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A model to estimate infrastructure damage costs for different train types
conference contributionposted on 06.12.2017, 00:00 authored by Dwayne Nielsen, Maksym SpiryaginMaksym Spiryagin, Colin ColeColin Cole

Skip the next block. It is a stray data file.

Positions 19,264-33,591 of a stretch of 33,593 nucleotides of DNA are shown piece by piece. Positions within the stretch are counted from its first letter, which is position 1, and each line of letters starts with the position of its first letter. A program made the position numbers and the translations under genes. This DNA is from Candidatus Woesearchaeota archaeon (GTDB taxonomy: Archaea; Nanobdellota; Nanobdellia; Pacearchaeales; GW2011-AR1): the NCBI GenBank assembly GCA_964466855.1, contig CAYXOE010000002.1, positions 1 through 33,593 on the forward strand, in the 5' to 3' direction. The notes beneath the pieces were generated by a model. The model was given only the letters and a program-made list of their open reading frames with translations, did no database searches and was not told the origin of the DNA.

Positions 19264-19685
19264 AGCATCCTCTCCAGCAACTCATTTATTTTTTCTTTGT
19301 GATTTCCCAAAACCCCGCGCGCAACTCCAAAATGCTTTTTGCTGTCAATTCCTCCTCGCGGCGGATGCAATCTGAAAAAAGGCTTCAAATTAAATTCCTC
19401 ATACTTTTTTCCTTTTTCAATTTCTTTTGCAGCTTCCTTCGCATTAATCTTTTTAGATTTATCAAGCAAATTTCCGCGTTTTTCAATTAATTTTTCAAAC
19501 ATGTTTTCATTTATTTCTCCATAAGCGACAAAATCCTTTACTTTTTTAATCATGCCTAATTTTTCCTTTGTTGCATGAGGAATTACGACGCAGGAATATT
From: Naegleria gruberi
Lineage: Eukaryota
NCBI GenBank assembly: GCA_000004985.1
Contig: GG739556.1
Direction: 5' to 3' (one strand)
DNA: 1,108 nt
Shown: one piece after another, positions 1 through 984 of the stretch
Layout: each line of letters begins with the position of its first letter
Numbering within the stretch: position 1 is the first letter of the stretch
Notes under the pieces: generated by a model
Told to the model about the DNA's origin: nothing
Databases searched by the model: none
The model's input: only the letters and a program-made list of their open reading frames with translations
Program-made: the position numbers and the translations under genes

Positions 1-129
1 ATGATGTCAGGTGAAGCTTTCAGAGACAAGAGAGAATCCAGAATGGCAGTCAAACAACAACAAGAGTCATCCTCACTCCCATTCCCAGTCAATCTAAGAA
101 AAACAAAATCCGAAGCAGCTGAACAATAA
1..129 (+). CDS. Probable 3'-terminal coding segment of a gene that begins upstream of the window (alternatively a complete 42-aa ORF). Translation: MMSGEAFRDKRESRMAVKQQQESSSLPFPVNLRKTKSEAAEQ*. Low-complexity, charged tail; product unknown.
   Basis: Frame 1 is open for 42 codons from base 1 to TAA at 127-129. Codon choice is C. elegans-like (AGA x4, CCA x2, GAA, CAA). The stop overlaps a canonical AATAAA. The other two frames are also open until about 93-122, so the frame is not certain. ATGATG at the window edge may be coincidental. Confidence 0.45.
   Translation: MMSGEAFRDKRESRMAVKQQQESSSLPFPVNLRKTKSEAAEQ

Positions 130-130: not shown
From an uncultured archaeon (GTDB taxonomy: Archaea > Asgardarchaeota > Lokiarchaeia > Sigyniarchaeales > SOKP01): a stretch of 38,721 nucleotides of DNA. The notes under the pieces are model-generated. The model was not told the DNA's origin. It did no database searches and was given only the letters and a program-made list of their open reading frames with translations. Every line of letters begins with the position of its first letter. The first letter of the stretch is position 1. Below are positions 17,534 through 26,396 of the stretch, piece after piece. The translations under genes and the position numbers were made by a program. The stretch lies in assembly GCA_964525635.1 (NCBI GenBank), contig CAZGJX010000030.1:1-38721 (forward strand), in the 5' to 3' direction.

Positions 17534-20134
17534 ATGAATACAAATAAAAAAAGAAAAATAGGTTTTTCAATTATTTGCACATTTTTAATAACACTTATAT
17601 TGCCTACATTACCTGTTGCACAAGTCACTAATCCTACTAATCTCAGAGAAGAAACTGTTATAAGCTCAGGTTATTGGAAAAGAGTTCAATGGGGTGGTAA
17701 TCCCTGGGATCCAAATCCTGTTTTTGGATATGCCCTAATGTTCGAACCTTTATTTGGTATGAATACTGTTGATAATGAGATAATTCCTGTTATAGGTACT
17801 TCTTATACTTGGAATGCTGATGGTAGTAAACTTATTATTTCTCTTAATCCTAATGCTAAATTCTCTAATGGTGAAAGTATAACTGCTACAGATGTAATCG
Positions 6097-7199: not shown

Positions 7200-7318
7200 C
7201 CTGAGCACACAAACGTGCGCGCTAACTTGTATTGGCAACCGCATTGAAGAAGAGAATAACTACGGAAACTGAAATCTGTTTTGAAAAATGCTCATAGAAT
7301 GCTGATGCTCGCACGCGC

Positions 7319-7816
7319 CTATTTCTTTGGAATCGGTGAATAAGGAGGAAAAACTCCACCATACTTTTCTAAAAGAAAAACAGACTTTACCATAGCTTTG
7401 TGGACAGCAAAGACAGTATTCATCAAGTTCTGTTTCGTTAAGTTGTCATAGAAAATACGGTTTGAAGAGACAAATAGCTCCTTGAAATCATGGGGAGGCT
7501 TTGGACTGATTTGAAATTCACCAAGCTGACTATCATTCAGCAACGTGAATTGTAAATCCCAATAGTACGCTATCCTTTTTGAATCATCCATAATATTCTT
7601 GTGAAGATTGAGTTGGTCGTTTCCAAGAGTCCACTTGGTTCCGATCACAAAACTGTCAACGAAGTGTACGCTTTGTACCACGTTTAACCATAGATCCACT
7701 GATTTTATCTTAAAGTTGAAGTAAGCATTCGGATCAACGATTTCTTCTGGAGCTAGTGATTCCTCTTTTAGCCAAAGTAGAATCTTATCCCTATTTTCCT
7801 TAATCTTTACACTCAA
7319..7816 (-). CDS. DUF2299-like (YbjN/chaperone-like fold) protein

Despite rail transport being known as the most energy efficient method of land transport, rail has mostly been losing its market share of general freight transport. Australian railways have an opportunity to improve their performance and meet the challenges of the 21st century by improving the energy efficiency of services, reducing greenhouse gas emissions, improving distribution networks and providing generally lower transport costs. A particular challenge is older infrastructure and networks with lower utilisation. It is generally understood that the geometry of railway track constructed in the 1800’s, (including inter alia, numerous small radius curves, steeper grades and substandard formation) would require additional maintenance funding and needs more frequent track maintenance possessions to ensure the track is maintained at the required standard. However the level of maintenance would be dependent on the volume and types of train configurations travelling on the network. As each train type applies a different, quantifiable level of track damage for a given track geometry, and as the cost to repair/maintain this track is known, then it is possible to develop a transparent cost model to estimate the incremental infrastructure costs for each train type. Therefore, a wear/damage model is proposed based on data derived from train simulations and track degradation analysis. This model provides railway infrastructure managers with an indication of their expected maintenance budget based on train types (parameters, configurations), operational requirements (volumes, speeds) and the local track geometry (track layout, ballast/formation parameters and rail profile).